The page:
Braille Monitor June 2007
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by Rachel Sommerer
From Dan Frye: Rachel Sommerer, assistant director of student support services at the University of Missouri–St. Louis, sent us a narrative detailing the efforts a blind senior, Cory Klatik, made in preparation for study abroad in Japan in 2006. She also relates some of his encounters and observations while studying at Obirin University in Japan. Regular Braille Monitor readers and those generally familiar with blindness already recognize that the absence of vision does not prevent seriously committed students from participating in international studies; after all we know of many blind students who travel the world in pursuit of their academic interests. But despite her occasional amazement rather than simple expectation that solutions to the challenges of international study and language acquisition would be found, Cory’s story does have merit. His experience represents another positive example of a blind person who is reaching for the brass ring in anticipation of living a rich and rewarding life. This account of events is not written in Cory’s own words. Ms. Sommerer wrote the piece originally for a professional publication to urge university support services staff to help disabled students solve the problems inherent in study abroad rather than discouraging them from spreading their wings. The narrative may not entirely reflect Cory’s personal perspective, but here is his story:
As a freshman at the University of Missouri-St. Louis (UMSL), Cory Klatik became interested in studying the Japanese language. It seemed a logical choice since he was majoring in management information systems and international business and was also very interested in doing a year of study abroad. He had the same concerns that other students have about this prospective study, competitive grades and the expenses of travel, but what concerned Cory even more was his vision and the related obstacles that he would face in pursuit of his dream.
Cory has optic nerve hypoplasia, which affects him differently every day, leaving him with vision that ranges from enough sight to navigate without the use of his cane to absolutely no vision. Studying a complex foreign language and living in another country might have seemed impossible to some students, but not to Cory. After speaking with the study abroad coordinator in the Center for International Studies (CIS) at UMSL, Cory started to tackle the first challenge--learning the Japanese language. Unlike English, the Japanese written language is made up of three separate alphabets: Hiragana (strictly Japanese words and phrases, more round in appearance, and practiced mostly by children since it is the first alphabet taught); Katakana (borrowed words or Japanese words that are being given emphasis); and Kanji (iconic representations of Hiragana words or phrases and preferred by most adults). No letters exist in these alphabets; instead they reflect only the sounds and the symbols that represent them. Cory used a CCTV to enlarge everything that was presented in his textbooks. Sometimes this worked very well, and on other days, when his vision was low, he was able to read only a couple sentences to a paragraph.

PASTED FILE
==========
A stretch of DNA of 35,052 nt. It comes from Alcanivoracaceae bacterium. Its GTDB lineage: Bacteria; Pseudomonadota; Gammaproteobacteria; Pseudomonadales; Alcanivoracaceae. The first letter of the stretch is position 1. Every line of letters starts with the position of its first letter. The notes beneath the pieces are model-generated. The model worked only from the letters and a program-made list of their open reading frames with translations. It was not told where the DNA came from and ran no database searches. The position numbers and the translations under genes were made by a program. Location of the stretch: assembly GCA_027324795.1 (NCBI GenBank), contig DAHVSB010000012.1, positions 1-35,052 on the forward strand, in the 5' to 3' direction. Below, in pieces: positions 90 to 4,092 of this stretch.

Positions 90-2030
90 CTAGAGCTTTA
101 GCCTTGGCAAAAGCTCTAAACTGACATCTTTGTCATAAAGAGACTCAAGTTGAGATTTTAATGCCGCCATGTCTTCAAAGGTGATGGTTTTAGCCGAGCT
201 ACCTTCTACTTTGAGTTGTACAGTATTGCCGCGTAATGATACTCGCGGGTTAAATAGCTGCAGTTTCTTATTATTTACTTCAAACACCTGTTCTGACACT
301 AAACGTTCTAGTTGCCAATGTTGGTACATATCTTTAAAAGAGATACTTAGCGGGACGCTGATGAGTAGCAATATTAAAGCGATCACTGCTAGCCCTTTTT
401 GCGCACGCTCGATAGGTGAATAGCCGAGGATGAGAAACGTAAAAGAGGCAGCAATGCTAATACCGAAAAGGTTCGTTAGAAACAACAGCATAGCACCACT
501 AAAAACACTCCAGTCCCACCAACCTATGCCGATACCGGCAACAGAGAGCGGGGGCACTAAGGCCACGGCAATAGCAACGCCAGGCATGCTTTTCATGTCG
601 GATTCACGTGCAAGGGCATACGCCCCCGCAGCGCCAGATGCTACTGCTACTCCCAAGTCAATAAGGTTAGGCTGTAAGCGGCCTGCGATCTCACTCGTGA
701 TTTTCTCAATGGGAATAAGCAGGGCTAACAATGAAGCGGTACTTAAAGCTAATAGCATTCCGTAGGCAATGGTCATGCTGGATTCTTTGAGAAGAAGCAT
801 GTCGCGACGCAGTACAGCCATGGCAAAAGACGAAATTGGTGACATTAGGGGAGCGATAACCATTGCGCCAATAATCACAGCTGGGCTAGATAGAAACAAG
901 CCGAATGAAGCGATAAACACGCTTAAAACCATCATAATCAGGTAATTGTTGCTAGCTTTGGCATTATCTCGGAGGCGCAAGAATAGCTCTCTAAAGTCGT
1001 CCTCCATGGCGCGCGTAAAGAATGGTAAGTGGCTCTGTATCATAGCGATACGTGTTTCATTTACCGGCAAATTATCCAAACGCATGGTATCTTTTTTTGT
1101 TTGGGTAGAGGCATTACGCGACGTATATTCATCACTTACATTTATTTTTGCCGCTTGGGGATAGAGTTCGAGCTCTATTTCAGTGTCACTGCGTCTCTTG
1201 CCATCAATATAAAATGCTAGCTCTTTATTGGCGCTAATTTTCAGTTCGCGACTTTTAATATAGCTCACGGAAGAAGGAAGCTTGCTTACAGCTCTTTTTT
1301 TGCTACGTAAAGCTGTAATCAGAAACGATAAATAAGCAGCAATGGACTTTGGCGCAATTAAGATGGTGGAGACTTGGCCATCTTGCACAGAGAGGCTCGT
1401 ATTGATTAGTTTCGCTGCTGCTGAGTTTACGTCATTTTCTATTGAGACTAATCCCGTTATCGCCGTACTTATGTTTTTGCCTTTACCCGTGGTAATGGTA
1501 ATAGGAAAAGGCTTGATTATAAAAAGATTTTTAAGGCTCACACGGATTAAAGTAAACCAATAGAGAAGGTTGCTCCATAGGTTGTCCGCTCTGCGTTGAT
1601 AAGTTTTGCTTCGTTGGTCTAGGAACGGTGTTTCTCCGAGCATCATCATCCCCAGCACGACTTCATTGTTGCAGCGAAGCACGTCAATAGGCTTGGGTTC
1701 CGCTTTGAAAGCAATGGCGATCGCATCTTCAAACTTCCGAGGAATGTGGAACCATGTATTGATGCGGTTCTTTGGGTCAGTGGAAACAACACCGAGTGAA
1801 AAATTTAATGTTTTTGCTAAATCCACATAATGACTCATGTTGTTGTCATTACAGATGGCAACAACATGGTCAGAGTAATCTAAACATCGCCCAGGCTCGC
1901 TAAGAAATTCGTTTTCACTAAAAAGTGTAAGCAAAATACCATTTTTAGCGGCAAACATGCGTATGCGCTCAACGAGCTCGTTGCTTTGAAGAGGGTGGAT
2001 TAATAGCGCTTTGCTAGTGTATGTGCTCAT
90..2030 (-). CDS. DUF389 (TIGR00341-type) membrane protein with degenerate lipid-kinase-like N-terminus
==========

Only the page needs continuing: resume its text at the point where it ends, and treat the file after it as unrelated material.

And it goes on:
Cory dedicated one to two hours a day to his studies as well as an additional hour spent with a private tutor who would walk through his homework assignments, verbalizing each printed word. Unlike his classmates Cory did not have the visual prompts and punctuation cues printed in the text. “Forty percent of the learning process came through hearing, vocalizing, and memorizing what the tutors read or said. I would mimic the sounds in order to learn.” And while Cory uses Braille in other reading areas, no Japanese-to-American Braille conversion process exists. Cory would have had to translate the verbal/written Japanese into Japanese Braille, and he learned both the Japanese language and the Japanese Braille code at the same time, so Braille was not an option. When it came to the written aspect of the language, many enlargements were made, sometimes as large as one symbol per sheet of paper. Each day provided its own unique experience in handwriting symbols and determining the size necessary for that given moment. Many times tutors used hand-over-hand demonstration to assist Cory with muscle memory. Working closely with his instructor, Elizabeth Eckelkamp, Cory was not only passing his Japanese class, he was getting an A and was ready to revisit CIS.
On Cory’s behalf CIS contacted Obirin University, and they tentatively welcomed him to pursue the application process. Cory then had to explain all of the necessary accommodations that he used at UMSL. He spoke intensively with the disability access office at UMSL and spent two and a half weeks preparing a document that detailed each aspect of every accommodation he was using. For example, Cory described why he needed written items enlarged and exactly how it was done (font size, step-by-step copying directions, percentage of increase of size, etc.), even converting our standard measurements to metric. The response from Obirin came almost six weeks later with a cautious, “We should be able to do everything that you have requested.”